Second, DR comments that my “lament” reminded her of a talk she heard in which the speaker said that when institutional leaders are told they are obstacles, they pass through the famous Kubler-Ross stages of grief over dying: denial, anger, bargaining, depression, acceptance. “It would appear Maso is somewhere between stage one and stage two,” she avers. (Ouch!)
It’s a nice rhetorical device, because it immediately associates institutions with dying, but it’s a poor analogy. If Kubler–Ross had written about the stages of cyclical economic distress or maybe the stages of mission creep, it would have been relevant. Even taken on its own terms I would still be firmly in stage one: denial, because there is no evidence that institutional theatres are obstacles to the art or the artists we serve. On the contrary, there has never been more opportunity for artists, employment for artists or a chance for success as a theatre artist in America as there is now. That does not mean I believe it is easy to be a theatre artist in America – I do not – but no objective look at the opportunities available 50 years ago compared to those available now can fail to see what we have accomplished.
Third, DR wonders what I meant by “fundamentalists.” Fair question, though I tried to indicate it early in my remarks (the restored section above) by saying that there is no one right path to creating a theatre. To clarify further, anyone who has been in the non-profit theatre for some time has heard complaints about how we have veered from one or another true path. One such catechism goes like this:
1) Mac Lowry and the Ford Foundation envisioned ten or twelve major repertory theatres with resident acting companies across the country;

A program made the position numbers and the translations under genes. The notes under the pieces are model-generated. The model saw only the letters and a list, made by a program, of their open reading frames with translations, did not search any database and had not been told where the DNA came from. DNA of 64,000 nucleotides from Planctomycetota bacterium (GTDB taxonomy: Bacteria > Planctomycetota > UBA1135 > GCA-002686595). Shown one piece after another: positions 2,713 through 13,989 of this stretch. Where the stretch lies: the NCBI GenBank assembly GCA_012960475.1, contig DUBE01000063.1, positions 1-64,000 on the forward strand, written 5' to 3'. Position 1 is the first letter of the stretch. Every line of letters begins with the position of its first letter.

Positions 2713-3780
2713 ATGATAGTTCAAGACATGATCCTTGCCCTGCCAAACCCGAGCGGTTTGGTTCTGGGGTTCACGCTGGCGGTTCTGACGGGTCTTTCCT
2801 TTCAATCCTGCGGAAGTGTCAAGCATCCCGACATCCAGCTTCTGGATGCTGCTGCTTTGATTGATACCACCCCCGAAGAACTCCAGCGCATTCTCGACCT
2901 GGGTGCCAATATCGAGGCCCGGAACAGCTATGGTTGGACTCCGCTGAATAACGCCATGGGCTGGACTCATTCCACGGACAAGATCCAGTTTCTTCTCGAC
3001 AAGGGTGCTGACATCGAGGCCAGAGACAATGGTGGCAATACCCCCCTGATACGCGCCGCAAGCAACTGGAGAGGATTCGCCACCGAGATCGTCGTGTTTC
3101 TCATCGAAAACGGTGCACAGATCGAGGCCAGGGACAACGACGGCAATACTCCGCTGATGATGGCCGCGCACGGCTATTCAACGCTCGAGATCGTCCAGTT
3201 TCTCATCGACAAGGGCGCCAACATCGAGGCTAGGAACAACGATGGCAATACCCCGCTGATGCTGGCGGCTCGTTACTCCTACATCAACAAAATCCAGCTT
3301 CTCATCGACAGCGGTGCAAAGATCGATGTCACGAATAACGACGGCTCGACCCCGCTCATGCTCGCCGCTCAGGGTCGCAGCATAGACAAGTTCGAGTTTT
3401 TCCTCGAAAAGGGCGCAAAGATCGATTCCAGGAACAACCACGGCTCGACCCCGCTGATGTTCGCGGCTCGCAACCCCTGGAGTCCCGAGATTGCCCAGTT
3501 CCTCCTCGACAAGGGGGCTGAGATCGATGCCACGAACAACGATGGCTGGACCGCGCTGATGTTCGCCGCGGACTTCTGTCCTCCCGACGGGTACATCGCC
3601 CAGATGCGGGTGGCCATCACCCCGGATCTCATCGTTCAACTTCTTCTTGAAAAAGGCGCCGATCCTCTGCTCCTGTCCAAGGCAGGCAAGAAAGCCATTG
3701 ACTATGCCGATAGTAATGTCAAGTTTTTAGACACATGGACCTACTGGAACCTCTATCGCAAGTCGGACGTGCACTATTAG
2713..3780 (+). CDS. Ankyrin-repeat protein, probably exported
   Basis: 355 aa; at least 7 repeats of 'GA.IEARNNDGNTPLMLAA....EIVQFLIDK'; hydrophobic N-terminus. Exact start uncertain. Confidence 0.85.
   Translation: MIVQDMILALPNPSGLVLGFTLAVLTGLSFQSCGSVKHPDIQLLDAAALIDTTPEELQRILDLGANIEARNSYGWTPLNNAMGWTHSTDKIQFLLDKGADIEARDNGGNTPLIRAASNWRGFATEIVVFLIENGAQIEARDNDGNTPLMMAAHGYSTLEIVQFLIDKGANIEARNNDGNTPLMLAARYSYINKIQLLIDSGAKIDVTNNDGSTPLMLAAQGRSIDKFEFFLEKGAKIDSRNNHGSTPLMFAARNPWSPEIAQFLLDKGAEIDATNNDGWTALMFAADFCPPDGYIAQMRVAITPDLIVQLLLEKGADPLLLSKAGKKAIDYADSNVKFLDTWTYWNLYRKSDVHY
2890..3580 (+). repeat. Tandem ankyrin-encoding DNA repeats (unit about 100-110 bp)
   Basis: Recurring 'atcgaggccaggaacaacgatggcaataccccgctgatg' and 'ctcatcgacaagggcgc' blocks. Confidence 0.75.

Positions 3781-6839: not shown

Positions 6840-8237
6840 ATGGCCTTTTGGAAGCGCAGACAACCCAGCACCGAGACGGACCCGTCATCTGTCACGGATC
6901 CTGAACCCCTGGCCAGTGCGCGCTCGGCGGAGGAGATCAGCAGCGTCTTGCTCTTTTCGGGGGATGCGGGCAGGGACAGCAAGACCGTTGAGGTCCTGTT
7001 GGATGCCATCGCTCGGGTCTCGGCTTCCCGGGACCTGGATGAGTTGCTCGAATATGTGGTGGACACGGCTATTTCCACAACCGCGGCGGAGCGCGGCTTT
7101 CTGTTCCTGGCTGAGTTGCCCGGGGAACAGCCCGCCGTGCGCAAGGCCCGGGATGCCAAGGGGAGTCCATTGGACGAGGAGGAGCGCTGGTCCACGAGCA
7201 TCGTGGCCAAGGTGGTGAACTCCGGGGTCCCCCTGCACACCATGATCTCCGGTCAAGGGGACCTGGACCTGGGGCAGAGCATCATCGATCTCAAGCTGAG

2) Most of our theatres have no resident companies and don’t perform in rep;
3) Therefore, most of us are sinners who have lost our way.
To me, the really interesting question is why have our theatres not evolved the way that some (but not all) early supporters envisioned? Considering that there have been about a hundred institutional theatres created every decade for over forty years, and considering that most of those companies were founded by artists, why are there not more true acting companies or ensembles? A few companies found that the ensemble model or the repertory model allowed them to achieve their vision, but most did not. A fuller exploration of why that is so, and a discussion which does not dismiss those artists who pursued the more common institutional structures as sell-outs to corporate or management overlords, might prove instructive. One possibility we have to consider is that the structures that were created actually are those that best serve the artistic intentions of each theatre’s founders. I’m not sure we have had that conversation in this country.
Fourth, DR regrets my reference to those who seem to be determined to drive a wedge between artists and institutions, and asks if I am referring to those “who urge institutions to make deeper commitments to artists and bring them further into the institution.”
No, I am not. As I say in this very speech, I fully believe that we have a responsibility to continue to find ways to “more fully integrate artists into our institutions.” I also believe that the largest institutions have the greatest responsibilities and have to accept the greatest criticism.